TINEA UNGUIUM – Risk Factors, Clinical Manifestations, Diagnostic Evaluations and Management 

TINEA UNGUIUM – Risk Factors, Clinical Manifestations, Diagnostic Evaluations and Management

Fungal nail infections, or onychomycosis, is a condition in which a fungal or yeast infection occurs in the nail plate that causes the nails to be thick and brittle. It is caused by Trichophyton species or candida albicans

RISK FACTORS

The following are instances that either promote infection with fungi or encourage growth of fungi:


  • Tight footwear promotes crowding of the toes keeps the toes warm and moist
  • Diminished blood circulation
  • More years of exposure to fungi
  • Perspiring heavily
  • Working in a humid or moist environment
  • Having the skin condition psoriasis
  • Wearing socks and shoes that hinder ventilation and don’t absorb perspiration
  • Having athlete’s foot (tinea pedis)
  • Having a minor skin or nail injury, a damaged nail, or another infection
  • Exercise can cause repeated minor trauma to the hyponychium allowing fungi to invade
  • Communal showers can expose the feet to fungi
  • AIDS and diabetes


 

CLINICAL MANIFESTATIONS


  • Usually, there are no symptoms. It is often a cosmetic problem
  • Occasionally, it can cause pain or discomfort
  • The nail usually a brittle, thickened, dull, and easily breakable
  • Debris accumulates under nail plate and nail plate separates
  • Sometimes, surrounding skin can become infected and cause cellulitis (inflammation)


DIAGNOSTIC EVALUATIONS


  • Examination – doctor usually easily recognizes the typical appearance of the infected nail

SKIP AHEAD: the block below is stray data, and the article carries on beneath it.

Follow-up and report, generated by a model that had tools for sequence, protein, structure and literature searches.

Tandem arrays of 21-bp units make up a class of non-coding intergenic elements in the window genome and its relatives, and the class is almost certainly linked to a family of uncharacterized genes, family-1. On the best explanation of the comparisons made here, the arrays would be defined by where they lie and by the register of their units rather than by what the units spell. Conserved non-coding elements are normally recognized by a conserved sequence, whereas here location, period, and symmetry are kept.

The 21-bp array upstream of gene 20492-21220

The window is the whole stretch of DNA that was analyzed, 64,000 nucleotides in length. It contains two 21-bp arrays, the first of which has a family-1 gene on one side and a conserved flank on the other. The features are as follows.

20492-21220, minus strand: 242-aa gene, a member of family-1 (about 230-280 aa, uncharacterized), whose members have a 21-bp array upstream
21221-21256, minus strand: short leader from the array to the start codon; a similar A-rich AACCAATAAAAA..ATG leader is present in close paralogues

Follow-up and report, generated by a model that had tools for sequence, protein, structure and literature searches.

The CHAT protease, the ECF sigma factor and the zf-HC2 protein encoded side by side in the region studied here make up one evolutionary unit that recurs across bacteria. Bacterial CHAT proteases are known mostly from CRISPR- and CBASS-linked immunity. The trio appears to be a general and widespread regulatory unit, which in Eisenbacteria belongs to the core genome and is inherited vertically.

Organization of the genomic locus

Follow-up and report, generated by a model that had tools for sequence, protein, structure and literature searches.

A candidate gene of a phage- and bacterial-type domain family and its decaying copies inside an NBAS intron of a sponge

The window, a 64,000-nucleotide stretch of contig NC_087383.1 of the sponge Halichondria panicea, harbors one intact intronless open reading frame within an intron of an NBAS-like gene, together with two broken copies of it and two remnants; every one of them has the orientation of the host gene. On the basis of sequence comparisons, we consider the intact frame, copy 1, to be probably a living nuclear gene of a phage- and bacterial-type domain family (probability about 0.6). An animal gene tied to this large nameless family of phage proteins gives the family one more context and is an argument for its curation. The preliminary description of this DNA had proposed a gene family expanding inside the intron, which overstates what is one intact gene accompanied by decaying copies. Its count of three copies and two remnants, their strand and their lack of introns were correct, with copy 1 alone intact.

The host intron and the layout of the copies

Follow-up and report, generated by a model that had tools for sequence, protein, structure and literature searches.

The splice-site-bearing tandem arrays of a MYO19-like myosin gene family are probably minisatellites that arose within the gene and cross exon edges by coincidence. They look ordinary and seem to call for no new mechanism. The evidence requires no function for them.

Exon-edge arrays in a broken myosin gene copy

• The doctor may also scrape the nail and examine it under the microscope
  • Sometimes, a culture of the nail may be needed to make the diagnosis


 

MANAGEMENT

Onychomycosis is difficult to treat because one has to take medicines for a very long time, and often the problem comes back after stopping the medication

 


  1. Oral medications: to treat nail fungus, doctor may prescribe an oral antifungal medication. Studies have shown the most effective treatments to be terbinafine and itraconazole (sporanox).
  2. Antifungal Lacquer: if you have a mild to moderate infection of nail fungus, doctor may prefer to prescribe an antifungal nail polish called ciclopirox (penlac)
  3. Topical medications: doctor may also opt for other topical antifungal medications. Advised to use these creams with an over-the-counter lotion containing urea to help speed up absorption
  4. Surgery: if nail infection is severe or extremely painful, doctor may suggest removing nail. A new nail will usually grow in its place, though  it will come in slowly and may take as long as a year to grow back completely.


 

PREVENTION


To help prevent nail fungus and reduce recurrent infections, practice - good hand and foot hygiene


  • Keep nails short, dry and clean
  • Keep the skin dry. Moist skin encourages fungal infections
  • Dry all areas of the skin after a bath or after heavy sweating
  • Wear appropriate socks and change socks frequently
  • Wear loose fitting clothing
  • Use an antifungal spray or powder
  • Wear rubber gloves
  • Don’t trim or pick at the skin around nails
  • Don’t go barefoot in public places
  • Choose a reputable manicure and pedicure salon
  • Give up nail polish and artificial nails
  • Wash hands after touching an infected nail


 

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TINEA UNGUIUM – Risk Factors, Clinical Manifestations, Diagnostic Evaluations and Management